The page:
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Experiences and ideas for running Chinese meetups overseas


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I thought it might be interesting to talk about my experiences running a Mandarin-language meetup in Chicago. I've put down my thoughts regarding a few topics I feel are important to running a successful meetup. Please chime in if you have any experiences or suggestions to share!
Choosing a meeting place
The default location is probably a restaurant in Chinatown. If your city doesn't have a Chinatown, just go with any Asian restaurant that is clean, has passable food, and is not too expensive. If your town happens to have a Korea Town or a Little Saigon, that would probably work as well. 
Honestly though, I don't like organizing restaurant-based meetings. You have to deal with reservations, collecting payments from everyone, figuring out how to accomodate everyone's dietary restrictions, and all this other stuff that I hate. It hasn't happened to me yet, but when a bunch of strangers show up, sometimes the final amount collected doesn't quite add up to the amount on the bill...
For the reasons listed above, I much prefer bars or cafes. Generally they have plenty of seating, and you can stay as long as you want. Plus people aren't eating the whole time, so they can spend more time talking. For bars, it is essential that you pick one that doesn't play music, or at least keeps the volume down. 
What if no one shows up?
This is always a legitimate question for niche meetups. First of all, you should never expect a ton of people to show up for something like this. Second, always make sure you have a reliable friend who will definitely show up. Some of my earliest conversation meetups were basically just my friend and I, and maybe another person that showed up half an hour after the starting time. As the meetup became more established, we started getting regulars. At this point I'm not too worried about no one showing up, but I always bring reading material because attendees are generally not very punctual.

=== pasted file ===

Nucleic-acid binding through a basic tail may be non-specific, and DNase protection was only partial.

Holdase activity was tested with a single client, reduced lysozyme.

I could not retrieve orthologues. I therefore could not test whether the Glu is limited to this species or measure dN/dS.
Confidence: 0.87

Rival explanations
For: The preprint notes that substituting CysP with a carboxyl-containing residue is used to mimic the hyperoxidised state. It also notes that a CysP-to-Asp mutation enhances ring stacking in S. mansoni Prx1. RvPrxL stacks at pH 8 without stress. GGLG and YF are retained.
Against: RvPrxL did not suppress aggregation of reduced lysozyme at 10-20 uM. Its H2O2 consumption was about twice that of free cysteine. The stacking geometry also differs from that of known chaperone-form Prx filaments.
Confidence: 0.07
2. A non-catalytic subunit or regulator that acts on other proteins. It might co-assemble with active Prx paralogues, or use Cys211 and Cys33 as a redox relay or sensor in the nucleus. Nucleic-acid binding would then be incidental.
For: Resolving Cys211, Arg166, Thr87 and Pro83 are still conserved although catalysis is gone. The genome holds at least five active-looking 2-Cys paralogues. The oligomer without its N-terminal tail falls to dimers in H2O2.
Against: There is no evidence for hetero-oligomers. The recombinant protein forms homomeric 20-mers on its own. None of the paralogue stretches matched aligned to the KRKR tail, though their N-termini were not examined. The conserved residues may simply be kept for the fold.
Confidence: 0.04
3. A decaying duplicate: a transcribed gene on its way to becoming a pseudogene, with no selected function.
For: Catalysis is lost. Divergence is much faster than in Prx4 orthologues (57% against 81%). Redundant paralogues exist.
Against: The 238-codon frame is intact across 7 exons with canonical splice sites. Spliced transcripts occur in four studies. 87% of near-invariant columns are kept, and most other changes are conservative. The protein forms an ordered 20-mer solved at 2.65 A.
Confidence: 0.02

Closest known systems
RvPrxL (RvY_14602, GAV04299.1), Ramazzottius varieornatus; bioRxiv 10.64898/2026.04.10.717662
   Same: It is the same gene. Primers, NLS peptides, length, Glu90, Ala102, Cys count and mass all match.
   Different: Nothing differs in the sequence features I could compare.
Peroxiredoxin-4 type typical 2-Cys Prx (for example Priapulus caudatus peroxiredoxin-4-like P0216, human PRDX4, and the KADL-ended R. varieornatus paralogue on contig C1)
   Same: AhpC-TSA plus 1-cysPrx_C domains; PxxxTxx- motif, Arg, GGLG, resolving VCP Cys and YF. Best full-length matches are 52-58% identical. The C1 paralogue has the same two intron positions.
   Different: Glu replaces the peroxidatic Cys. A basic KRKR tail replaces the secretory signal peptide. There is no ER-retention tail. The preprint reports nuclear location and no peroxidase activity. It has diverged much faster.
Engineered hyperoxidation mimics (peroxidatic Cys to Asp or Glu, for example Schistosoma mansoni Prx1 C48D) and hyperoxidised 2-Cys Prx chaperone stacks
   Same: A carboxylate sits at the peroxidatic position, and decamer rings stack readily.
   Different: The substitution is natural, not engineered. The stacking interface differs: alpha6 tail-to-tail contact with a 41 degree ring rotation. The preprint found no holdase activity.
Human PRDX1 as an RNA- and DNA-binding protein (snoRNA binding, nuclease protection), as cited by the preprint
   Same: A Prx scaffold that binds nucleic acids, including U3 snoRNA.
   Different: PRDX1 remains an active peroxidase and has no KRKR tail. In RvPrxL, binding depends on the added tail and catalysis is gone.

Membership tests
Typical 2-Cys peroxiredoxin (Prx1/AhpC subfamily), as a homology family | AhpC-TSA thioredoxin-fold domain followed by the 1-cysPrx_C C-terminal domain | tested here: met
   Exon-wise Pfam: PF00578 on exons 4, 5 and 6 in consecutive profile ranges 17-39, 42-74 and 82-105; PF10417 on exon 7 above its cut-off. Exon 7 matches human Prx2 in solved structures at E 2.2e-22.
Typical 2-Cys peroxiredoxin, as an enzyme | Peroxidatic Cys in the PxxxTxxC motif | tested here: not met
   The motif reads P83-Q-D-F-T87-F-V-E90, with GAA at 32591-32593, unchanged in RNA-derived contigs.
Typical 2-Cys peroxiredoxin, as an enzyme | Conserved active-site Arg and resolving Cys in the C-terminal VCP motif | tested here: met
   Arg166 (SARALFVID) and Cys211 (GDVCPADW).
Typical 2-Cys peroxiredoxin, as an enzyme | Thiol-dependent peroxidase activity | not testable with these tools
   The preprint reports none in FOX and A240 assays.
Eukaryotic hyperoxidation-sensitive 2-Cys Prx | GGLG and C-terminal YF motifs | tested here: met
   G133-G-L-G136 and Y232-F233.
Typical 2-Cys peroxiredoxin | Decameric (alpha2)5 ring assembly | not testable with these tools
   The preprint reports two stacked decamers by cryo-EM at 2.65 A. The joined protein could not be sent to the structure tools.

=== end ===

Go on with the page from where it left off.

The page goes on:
Types of meetings
I usually just do conversation meetings, but sometimes I'll mix it up with these other types of meetings.
When making reservations, always keep in mind that half the people who RSVP probably won't show up. Also remember that Chinese restaurants in general don't honor reservations anyway, so stay away from busy periods.
Check your local arthouse theaters or film festivals. A lot of films are made in China, Taiwan, and Hong Kong, so there is likely something as long as you live in a decently-sized city. However, remember to check out reviews on movie.douban.com or a similar site. Otherwise you'll definitely end up watching some real stinkers.
Board games
I've tried this and had mixed success. We had a few 三国杀 meetings, but the high language requirements made it hard to find enough people to play. I found that there are actually quite a few card and board games that you can play in Chinese (even if the materials themselves are not printed in Chinese). But unless they're story-based games like "Who Would Win?" (which gets old quickly), they don't really have that much language value. Do this kind of meeting if you really like board games, but don't expect to get a lot of great language practice out of it.
Establish a "No English" rule
This is hugely important for conversation meetings. If this rule is not made explicitly clear, attendees will definitely speak English! Even native Chinese speakers will fall into the trap of speaking English for long stretches. It's only OK to relax this rule if your event's focus is not conversation, or if you're specifically catering to beginners. 
Sometimes it's a good idea to set a time limit on the "No English" rule. For example, when I first started holding conversation meetups, I would peter out after about 2 hours, whereupon I would start making random pronunciation and grammar mistakes. There is such a thing as foreign language endurance, and it's not reasonable to expect everyone to be at the same level.